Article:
Haunted house stories are having a moment. It might be quarantine. Or it could be Netflix's fault—its release of The Haunting of Bly Manor has reinvigorated the discourse about what makes a good haunted house story and whether or not Mike Flanagan, the horror director who, between Bly Manor and Hill House and Doctor Sleep seems to be veritably obsessed with them, really has what it takes to make one that feels both scary and fascinating.
Haunted houses are special because houses are special. They keep us safe—until they don't—and are both entirely familiar to us and entirely unfamiliar, as anyone who's had to deal with serious home repairs could tell you. People have intimate relationships with the places where they live. And that's a powerful entry path for horror. Or, as the opening line of Kitty Horrorshow's 2016 video game Anatomy puts it, "In the psychology of the modern civilized human being, it is difficult to overstate the significance of the house."
Horrorshow's game starts with a tape player in an empty kitchen and a single cassette. When you put it in, the narration begins, a faux-academic exploration of what houses mean, why they're special, and, most important, how people might think of them anatomically. Is a kitchen a stomach? Is a living room a heart? In what ways are houses like us?
All of this occurs, by the way, in an empty, modern suburban home. Two bathrooms, two bedrooms, a little narrow set of stairs. One peculiarity of haunted house stories is that they're often period pieces. It's the distance, I think: Old ornate Victorian-style homes are familiar without being too familiar. We want to think about how scary houses can be without actually letting that horror fully inside. Anatomy, a small game released on itch.io for PC, refuses that distance. This could be the house you grew up in. Or one you rented, for a while, in college, a lonely, dull little home at the end of a lonely, dull little cul-de-sac. It might be a lot like the one you live in right now.
The voice in the tape continues: "But of all the structures mankind has invented for itself, there is little doubt that the house is that which it relies upon most completely for its continued survival."
Anatomy understands the haunted house story. It understands why houses are scary and fascinating, and why artists from Henry James to Shirley Jackson to Mike Flanagan have been so obsessed with them. And alongside scaring you, Anatomy also wants to teach you. It is, in some sense, an exercise in explaining the joke—its narration delves into what is so frightening about a haunted house. But it's an exercise that's so effective and so deeply dialed in to the core of human fears that even when you understand it, you're still unnerved.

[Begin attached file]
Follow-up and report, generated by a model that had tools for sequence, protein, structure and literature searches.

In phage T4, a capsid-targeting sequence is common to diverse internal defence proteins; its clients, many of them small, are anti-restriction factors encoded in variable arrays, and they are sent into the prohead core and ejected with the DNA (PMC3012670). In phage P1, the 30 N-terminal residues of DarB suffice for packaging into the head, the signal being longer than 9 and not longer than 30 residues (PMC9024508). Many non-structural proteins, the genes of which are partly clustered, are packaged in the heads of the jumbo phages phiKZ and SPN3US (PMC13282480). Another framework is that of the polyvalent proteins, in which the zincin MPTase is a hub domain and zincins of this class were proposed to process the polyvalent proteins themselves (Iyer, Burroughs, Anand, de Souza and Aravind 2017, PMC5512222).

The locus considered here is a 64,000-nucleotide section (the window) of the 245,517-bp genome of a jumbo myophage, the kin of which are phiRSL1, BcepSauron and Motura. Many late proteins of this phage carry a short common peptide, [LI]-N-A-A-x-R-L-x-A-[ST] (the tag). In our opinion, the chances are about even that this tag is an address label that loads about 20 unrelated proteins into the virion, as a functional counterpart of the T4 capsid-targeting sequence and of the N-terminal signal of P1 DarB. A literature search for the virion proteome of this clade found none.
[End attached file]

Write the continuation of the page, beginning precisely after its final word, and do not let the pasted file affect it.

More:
Here's how it's played: You find that first tape, in the kitchen of an empty, dark house. Then a message onscreen tells you to find another tape, in another room. In this way you explore the house, gathering tapes, listening to this voice contrasted with the uneasy, shadowy presence of the house. A presence that grows, as the house becomes more and more alien, as it begins to feel like something is there. Or maybe it's just the house itself, broken the way Hill House was in Jackson's novel. Then, a question arises: Whose voice is it on those tapes?
More happens in Anatomy's short run time, but summarizing it here would be to the game's detriment. But know this: What makes Anatomy feel vital four years after its release is the sense that it wants to welcome you into horror at the same time as it plays with horror storytelling. It pushes you to think about why scary things are scary, what deeper psychology is at work when you're afraid of the dark room at the end of the hall or what might be behind that locked door.
Many people have tried to convince the world that horror isn't worth engaging with intellectually. That mythology is all over the writing about the genre, with talk of "elevated horror" coming to the fore whenever a horror movie with a sharp point enters the mainstream consciousness. But Anatomy's structure, both didactic and surreally horrific, points to the falsehood of that idea. Horror is a deep-bone feeling, part adrenaline and part fascination. It wouldn't be unfair to compare it to more kinetic occupations, like roller coasters or the like. But horror is also deeply brainy, relying on subtext and teasing out things inside of us that we didn't know were there. Horror is all about forcing everyone to engage with familiar things in unfamiliar ways, lending them something dark that wasn't clearly visible before.
Video games are exceptionally good at this, because they force us to engage with spaces and sense experiences in a very direct way. In games, players open every door that shouldn't be opened, while also playing the role of the audience member screaming at the protagonist to run the other way. That engagement can heighten horror, and it's why video games have been quietly creating some of the most vital horror media around for decades.
Anatomy is a powerful entry point to that experience, an explanation of its value and an exploration of its impact. Haunted houses are having a moment, but the best ones, pound for pound, might be in video games. And in terms of succinct power and lasting impact, Anatomy can't be beat. If you're going to play one horror game in your backlog this Halloween, make it this one.